For all the chatter this training camp about the Packers’ young wide receivers group – how they will fare and who will make the team – one player not with the team may have the biggest impact this season.
Koren Robinson would be easy to write off considering the promise the team’s young receivers have shown, but the talent he possesses still warrants him a shot to come back. Serving a one-year league suspension, he is eligible for reinstatement in late September. He was charged on multiple accounts stemming from driving while impaired last year in Minnesota, his second such offense in two years.
That Robinson was living in the Green Bay area this summer and was out on work release before serving his most recent jail time in Minnesota suggests the Packers are at least interested in bringing him back. They should be.
Robinson would probably rate overall as the second best receiver the Packers have, not knocking anyone on the roster currently. He just has a special ability. For that, and a seemingly genuine want to turn his life around, he can be an asset to the Packers.
Robinson came to Green Bay shortly after the 2006 regular season began in what seemed like an act of desperation from the Packers. They needed wide receivers and signed Robinson on Sept. 12, even though they knew he faced a likely suspension. He played in just four games catching seven passes before being forced to leave the team by the NFL.
Re-signing Robinson should have little to do with who the Packers have on their roster by late September. Because of an unresolved kick and punt return situation, they will likely head into the regular season with six wide receivers on the active roster and at least another on the practice squad. Donald Driver’s nagging shoulder injury from a season ago has to be insured for, thus play-makers at wide receiver are in high demand.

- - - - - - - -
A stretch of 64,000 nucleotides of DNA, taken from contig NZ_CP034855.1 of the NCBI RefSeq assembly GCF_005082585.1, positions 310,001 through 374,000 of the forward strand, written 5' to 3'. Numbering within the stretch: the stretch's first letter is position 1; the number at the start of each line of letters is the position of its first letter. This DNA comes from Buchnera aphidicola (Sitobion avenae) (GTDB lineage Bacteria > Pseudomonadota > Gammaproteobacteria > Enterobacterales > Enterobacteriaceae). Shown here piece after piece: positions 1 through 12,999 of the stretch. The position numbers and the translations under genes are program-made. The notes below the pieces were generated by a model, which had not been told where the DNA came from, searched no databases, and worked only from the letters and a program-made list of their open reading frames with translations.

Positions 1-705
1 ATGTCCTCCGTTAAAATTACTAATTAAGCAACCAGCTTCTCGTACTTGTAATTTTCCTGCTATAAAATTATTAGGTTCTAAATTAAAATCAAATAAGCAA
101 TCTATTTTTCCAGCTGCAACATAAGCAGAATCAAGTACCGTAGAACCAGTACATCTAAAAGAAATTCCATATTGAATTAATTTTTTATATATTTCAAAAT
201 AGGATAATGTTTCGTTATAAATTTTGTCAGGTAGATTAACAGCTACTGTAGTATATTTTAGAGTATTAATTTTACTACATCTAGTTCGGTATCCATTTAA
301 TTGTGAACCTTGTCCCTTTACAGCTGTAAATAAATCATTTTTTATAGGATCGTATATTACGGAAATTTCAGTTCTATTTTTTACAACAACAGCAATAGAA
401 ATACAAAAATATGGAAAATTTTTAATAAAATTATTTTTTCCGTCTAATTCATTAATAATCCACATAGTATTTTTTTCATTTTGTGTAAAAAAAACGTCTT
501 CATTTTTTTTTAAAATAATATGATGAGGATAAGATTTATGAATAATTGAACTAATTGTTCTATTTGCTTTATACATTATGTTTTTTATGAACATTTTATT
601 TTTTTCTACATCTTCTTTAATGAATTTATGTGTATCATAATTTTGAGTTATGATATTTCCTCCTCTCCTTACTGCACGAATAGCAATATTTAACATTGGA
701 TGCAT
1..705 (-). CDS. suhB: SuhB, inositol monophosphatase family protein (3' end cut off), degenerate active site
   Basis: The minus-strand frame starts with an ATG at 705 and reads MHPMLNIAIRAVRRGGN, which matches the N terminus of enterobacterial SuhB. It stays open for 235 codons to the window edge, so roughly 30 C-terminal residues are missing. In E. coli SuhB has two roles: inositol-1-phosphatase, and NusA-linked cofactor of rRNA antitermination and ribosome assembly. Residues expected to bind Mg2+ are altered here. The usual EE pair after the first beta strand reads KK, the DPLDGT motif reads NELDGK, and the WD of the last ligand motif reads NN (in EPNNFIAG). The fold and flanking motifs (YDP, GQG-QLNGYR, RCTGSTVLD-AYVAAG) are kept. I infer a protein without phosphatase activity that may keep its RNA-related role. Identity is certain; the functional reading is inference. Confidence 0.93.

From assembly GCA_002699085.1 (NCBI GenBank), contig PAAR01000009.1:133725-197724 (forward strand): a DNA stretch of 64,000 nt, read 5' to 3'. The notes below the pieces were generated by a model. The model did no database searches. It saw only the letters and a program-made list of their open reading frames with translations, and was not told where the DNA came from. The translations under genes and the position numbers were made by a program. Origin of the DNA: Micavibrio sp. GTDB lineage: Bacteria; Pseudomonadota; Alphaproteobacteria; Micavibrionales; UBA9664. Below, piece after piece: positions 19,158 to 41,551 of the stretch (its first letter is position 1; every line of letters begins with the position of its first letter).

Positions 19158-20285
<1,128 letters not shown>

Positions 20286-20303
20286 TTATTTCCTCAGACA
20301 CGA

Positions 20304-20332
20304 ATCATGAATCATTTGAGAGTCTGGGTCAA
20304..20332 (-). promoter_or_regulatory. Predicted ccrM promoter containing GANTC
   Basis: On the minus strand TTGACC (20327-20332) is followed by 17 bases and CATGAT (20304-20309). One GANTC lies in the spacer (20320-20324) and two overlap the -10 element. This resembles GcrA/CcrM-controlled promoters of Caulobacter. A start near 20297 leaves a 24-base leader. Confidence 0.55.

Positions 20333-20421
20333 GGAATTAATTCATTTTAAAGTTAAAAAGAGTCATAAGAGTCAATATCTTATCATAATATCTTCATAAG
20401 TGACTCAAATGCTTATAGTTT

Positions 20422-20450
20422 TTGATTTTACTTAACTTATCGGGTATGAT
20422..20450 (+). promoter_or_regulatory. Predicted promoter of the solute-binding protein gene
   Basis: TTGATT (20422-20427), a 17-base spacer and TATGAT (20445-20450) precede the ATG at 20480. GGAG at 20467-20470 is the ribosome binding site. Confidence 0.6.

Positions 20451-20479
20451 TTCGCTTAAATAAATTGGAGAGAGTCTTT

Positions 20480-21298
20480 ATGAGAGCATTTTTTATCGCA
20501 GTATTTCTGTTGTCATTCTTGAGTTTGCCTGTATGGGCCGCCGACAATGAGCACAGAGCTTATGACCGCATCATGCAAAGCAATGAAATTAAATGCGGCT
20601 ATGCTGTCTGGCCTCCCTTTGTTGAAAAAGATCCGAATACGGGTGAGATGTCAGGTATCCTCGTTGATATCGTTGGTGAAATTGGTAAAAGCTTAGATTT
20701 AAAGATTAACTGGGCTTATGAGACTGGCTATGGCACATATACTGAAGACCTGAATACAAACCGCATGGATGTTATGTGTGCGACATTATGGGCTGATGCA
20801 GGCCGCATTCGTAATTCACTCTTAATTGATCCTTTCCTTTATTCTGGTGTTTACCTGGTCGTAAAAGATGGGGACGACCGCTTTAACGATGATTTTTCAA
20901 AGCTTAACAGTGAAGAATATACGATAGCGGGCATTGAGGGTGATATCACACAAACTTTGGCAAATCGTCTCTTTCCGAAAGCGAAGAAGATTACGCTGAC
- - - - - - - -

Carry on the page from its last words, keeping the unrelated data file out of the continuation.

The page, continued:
The Packers have to be pleased already by what they have seen from their depth at wide receiver. Starter Greg Jennings would have had a potentially spectacular rookie year had it not been for an ankle injury that hampered him, and rookie James Jones has been the talk of camp. Holdovers Ruvell Martin and Carlyle Holiday provide great value and specific talents as backups, and veteran Robert Ferguson is still trying to find his breakthrough.
Though all of the above receivers (and others) may be worthy of a roster spot, none possess Robinson’s ability. His combination of speed, size, and aggressiveness takes him a step above. If or when he establishes a rapport with Brett Favre, he gives the Packers an added weapon they desperately need. Even if Jones, or running backs Vernand Morency and Brandon Jackson come through, the Packers still need more punch on offense to be a playoff contender.
Perhaps most importantly, the Packers need a special teams return man they can count on. They have been deficient in that area for years. Robinson has previously made the Pro Bowl as a returner and could give the Packers some stability in that role. Though he was with the team just a quarter of a season in 2006, he was the second-leading kick returner (12 returns for 253 yards). He is simply the team’s best option.
In a perfect world, the Packers would get a fit and ready Robinson back as their No. 3 receiver behind Driver and Jennings by mid-season. Jones would likely man the fourth receiver spot with Martin and Holiday playing specialized, potentially game-changing-type roles. All of sudden the Packers wide receiver corps looks like it could do some damage with the right approach.
Robinson’s presence would benefit the Packers’ receiving corps on the field as much as a key injury would hurt the group. He is a difference-maker. General manager Ted Thompson should still have him on the radar because he can help the Packers in a number of ways.
Matt Tevsh is a regular contributor to PackerReport.com and Packer Report. E-mail him at email@example.com.